So that would mean that although you are not changing the stop, you are able to shoot a lower light levels as though you had changed the stop, but were able to retain the same DOF at the previous stop, effectively lowering the stop the lens is capable of shotting at? Would that mean you could also shoot at a higher stop, push the film one or two stops and get the same effective stop with a greater DOF that if you had stopped it down? I mean obviously this is true, but are you getting pretty much the same look as if you used say a fast anamorphic stopped down to the equivalent pushed stop or are there aesthetic differences with the newer film like contrast compromises and grain issues? (this probably should have gone in the film processing category but I thought I had a lens question here. I also know this is somewhat basic information I should already know but I'm just trying to verify I have it exactly correct in my own head)


Well, 5219 is ISO500, same as 5218, so, using either one, you'd get the same f-stop for a given set up. Apparently 5219 is a little less grainy, so you might be able to push it a bit further than 5218, particularly if you're shooting anamorphic, which is inherently cleaner than super35.

So, it doesn't "extend the f-stop range" but it might let you use a bit less light with similar results. But, the thing is, it doesn't appear that 5219 is that much cleaner than its predecessor so it makes next to no difference. Why not just shoot super35 and rent sharp lenses? I doubt those anamorphic lenses are sharp wide open, and stopped down a stop or two you would need a whole lot of light, and this would probably increase your rental cost far beyond renting faster spherical lenses for the same amount of time. Than again I don't know much about this since I've never had the chance to shot 35mm yet!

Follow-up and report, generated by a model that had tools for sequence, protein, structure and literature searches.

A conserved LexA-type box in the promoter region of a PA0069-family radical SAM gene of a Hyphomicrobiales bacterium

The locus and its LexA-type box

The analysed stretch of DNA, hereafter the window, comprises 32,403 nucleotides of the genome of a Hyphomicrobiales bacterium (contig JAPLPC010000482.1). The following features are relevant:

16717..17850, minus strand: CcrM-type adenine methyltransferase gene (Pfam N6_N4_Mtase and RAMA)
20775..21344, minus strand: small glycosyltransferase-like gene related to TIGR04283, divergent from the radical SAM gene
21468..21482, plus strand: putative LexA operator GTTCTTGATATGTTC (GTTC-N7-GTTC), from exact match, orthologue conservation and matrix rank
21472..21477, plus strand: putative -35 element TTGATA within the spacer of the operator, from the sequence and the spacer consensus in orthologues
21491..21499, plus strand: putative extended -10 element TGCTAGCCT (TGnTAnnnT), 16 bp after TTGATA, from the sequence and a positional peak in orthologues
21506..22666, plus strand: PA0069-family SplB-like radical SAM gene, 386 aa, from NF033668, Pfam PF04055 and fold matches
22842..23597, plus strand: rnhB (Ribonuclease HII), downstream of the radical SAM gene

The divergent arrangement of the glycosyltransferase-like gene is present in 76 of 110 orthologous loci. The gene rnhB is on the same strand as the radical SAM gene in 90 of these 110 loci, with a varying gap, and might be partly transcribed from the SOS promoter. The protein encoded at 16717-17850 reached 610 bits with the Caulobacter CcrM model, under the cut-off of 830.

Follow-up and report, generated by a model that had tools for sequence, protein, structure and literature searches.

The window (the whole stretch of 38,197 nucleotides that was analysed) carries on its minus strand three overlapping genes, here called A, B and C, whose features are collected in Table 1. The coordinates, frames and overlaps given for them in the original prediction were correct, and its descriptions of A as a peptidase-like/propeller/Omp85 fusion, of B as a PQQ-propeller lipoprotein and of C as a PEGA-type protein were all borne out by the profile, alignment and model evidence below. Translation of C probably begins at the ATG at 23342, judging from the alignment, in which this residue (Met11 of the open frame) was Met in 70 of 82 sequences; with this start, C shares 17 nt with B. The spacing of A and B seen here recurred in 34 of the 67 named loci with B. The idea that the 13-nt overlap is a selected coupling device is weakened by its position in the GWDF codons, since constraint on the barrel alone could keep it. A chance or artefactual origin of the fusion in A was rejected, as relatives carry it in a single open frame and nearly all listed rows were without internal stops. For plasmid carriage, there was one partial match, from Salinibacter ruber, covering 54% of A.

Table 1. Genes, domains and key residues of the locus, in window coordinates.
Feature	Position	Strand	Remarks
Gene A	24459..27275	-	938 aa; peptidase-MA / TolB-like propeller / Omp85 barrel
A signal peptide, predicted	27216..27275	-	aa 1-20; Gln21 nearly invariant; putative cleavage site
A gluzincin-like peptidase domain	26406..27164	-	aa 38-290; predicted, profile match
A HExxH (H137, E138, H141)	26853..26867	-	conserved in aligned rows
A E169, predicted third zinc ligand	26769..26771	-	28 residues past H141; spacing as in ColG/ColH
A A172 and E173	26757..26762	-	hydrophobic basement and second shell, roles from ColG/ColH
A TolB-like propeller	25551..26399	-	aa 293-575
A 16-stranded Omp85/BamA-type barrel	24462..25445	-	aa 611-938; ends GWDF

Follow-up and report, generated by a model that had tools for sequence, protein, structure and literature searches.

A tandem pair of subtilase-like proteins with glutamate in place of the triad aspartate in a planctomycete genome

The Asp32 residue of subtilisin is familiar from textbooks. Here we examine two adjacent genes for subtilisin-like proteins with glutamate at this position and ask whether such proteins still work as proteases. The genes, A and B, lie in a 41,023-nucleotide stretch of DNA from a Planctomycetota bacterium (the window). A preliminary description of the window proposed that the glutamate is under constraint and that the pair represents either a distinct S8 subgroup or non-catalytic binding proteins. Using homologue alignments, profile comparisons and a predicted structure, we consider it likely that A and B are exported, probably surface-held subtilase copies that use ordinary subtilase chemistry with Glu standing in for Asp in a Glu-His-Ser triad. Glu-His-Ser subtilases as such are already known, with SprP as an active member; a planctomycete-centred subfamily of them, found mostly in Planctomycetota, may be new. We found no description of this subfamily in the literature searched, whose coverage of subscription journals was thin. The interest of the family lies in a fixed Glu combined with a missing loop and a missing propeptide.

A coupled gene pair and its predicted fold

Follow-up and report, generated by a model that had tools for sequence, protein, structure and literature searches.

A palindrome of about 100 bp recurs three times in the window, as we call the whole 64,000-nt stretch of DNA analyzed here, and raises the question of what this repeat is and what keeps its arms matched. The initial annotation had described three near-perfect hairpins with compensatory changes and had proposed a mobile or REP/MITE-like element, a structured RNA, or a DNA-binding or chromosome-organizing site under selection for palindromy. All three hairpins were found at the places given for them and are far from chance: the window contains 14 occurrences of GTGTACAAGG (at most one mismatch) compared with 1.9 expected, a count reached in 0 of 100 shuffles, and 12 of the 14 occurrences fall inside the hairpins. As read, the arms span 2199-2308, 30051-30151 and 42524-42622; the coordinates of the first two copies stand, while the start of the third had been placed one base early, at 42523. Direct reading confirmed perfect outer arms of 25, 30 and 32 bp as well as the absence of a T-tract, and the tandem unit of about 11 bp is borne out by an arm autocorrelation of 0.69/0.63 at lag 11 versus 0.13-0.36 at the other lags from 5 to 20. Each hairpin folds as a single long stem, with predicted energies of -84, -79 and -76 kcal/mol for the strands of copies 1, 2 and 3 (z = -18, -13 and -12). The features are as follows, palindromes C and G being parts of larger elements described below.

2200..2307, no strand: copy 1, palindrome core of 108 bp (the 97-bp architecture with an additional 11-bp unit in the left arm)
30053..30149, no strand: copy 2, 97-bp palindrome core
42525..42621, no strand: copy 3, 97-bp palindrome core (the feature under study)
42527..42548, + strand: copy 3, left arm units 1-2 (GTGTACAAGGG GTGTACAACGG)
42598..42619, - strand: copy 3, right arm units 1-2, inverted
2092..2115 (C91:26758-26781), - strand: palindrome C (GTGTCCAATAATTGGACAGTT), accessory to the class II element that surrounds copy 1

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#5 David Mullen ASC

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Posted 10 December 2007 - 07:00 PM

If you can afford 5219 and if you can afford to do a lot of push-processing, certainly it will be useful for those night scenes, though I don't generally recommend more than a one-stop push unless you want a special look that is grainier, with odd blacks.

Anamorphic requires more light generally, so you just have to bite the bullet and find more light for your night work. Certainly Super-35 might make more sense for a night-heavy production with minimal lighting, but you have to factor in that anamorphic allows you to just cut the negative and make a contact print for projection, if you're aiming to make prints.
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#6 James Steven Beverly

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Posted 11 December 2007 - 02:57 AM

If I can afford 5219, being the optimum decisive factor, although I can't imagine it staying high and there may be some discounts available by the time I'm ready for it. If not 5218 will probably be going cheaper than it is now. I am going with anamorphics so I guess we'll just get as much light on the scenes as we can and will process and contact print in house so assuming of course I can get the processing right, we should be able to push the footage we need. Though I do think we may have to let a commercial lab do the negative cutting and answer print.